Friday, March 28, 2008
There's been a lot of news out in the last few weeks and months about OpenSocial, Google's social networking API. The basics behind Open Social is that it allows a set of interoperable API's that any supporting website can implement. This will allow sites to easily interface with other websites offering support for OpenSocial. You would be able to use an OpenSocial based photo app on any social network that supported it (Friendster, Orkut, LinkedIn).
OpenSocial was initially released with quite a bit of fanfare, mostly because it was viewed as a democratic response to the closed Facebook platform, providing greater openness and flexibility between apps. But there were problems early on. It was released without much functionality. Most of the gadget API's were not initially supported or just plain didn't work. This left a sour taste in the mouths of many of the companies excited to participate in the initiative. They did, however, receive initial support from some of the major players in the social networking space, like MySpace. They've since received even more support from some other large players in the game, Yahoo!, Hi5, LinkedIn, etc.
A few days ago Google, Yahoo, and MySpace announced the OpenSocial Foundation to "ensure the neutrality and longevity of OpenSocial as an open, community-governed specification for building social applications across the Web".
While this is all good and nice, I'm still waiting to see the value add for the consumer. In theory, it seems like a good idea if there are a wide variety of social networks and applications that users can take advantage of. Unfortunately, at this point, that just isn't the case. In addition, consumers generally use different social networks for different things. I don't think the social networking space is that fragmented. There are only a few major social networks in each category - for fun (Facebook, MySpace, Friendster), social networks for the corporate setting (LinkedIn, Doostang), and niche social networks (TripAdvisor, Ning). I guess it can help the little guy if he wants to make his app available across the board, but as long as Facebook isn't providing support and remains the leader, this just doesn't live up to the hype. Not yet.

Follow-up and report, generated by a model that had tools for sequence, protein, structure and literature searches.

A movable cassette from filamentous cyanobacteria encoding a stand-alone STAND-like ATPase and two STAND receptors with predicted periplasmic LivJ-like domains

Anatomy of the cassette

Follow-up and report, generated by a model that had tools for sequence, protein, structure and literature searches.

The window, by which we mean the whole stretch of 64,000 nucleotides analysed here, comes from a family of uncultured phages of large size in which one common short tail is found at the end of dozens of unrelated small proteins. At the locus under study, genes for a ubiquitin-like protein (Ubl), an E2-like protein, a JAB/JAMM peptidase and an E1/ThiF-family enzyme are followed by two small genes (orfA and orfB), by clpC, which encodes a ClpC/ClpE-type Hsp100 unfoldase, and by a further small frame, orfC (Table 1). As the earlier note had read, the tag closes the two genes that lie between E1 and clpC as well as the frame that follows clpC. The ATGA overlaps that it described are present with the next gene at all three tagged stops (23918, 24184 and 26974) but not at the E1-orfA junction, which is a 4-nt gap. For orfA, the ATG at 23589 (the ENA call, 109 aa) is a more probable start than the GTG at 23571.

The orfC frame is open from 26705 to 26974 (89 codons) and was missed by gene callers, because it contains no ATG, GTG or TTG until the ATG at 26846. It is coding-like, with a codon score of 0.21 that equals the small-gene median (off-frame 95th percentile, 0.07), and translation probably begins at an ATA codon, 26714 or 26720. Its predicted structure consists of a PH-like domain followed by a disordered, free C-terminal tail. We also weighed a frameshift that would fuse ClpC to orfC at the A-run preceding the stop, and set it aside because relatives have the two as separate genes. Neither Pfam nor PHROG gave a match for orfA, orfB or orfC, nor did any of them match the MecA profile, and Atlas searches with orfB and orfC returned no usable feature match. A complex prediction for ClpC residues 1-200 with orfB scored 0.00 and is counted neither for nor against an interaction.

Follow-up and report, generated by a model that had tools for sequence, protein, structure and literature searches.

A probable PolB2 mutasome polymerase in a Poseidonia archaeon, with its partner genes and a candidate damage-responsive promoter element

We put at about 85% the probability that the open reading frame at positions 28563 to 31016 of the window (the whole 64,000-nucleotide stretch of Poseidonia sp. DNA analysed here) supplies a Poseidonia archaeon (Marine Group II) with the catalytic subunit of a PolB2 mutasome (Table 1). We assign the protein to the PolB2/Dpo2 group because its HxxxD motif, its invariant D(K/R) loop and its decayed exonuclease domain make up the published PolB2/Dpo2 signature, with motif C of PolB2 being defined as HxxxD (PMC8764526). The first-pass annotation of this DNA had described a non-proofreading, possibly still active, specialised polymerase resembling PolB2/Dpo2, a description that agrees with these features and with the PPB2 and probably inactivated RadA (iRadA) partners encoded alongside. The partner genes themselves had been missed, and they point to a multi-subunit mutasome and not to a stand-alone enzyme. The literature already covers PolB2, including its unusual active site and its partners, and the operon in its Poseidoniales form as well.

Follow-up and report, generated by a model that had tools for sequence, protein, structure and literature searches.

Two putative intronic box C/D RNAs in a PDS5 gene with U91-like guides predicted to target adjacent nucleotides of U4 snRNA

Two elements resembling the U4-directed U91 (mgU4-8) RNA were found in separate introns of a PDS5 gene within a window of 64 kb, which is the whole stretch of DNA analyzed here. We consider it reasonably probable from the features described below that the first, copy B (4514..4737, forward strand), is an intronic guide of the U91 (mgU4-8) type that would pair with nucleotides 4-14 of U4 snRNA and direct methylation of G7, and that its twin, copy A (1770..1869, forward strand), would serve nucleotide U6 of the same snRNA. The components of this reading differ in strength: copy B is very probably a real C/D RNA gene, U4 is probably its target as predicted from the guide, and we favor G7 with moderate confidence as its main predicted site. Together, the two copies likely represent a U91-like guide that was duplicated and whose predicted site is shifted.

Thursday, March 27, 2008
In the interest of keeping this blog relevant, I'm going to begin commenting more on companies in the startup world or tech sector - or maybe even some other stragglers. The reason behind this is that there isn't a great deal of information about Vyoo that I can share at this point. As we get closer to our alpha launch - which will hopefully be in May/June, I'll start sharing how that process is going. In the meantime, we're working hard on developing our product. As events come up, I'll happily share them.
Monday, March 24, 2008
I wrote a post about the ridiculous pricing of Starbucks bottled water last week. And, coincidentally, I saw a few articles the very next day about trouble at Starbucks. The articles were interesting and spoke about how the changing economy is affecting what people now purchase. And $1.80 bottled water is one of those luxuries. So is $1.75 coffee when McDonald's now sells drip coffee for much less. I can't say that it should be that surprising - common sense dictates you can only take people for a ride when the economy is good.
Starbucks tip problems
All of this got me to thinking about the economy in general, now that it's in the shitter. How could people not see problems coming? For example, does Starbucks really think that in a cyclical economy, people would continue to pay ridiculous amounts of money for their products (they raised their prices at the end of last year to boot)? And the whole mortgage crisis is beyond me. How could these incredibly bright people not see through the whole crisis? I mean, they've been studying this stuff for years. They understand that the economy goes up and down, housing prices rise until there is too much supply. And lending at sub-prime rates is sure to bite you in the ass if the economy every goes south. When in history has the economy ever not gone south at some point in time? Even in China, where it seems a long way off, the sustained growth will one day slow down.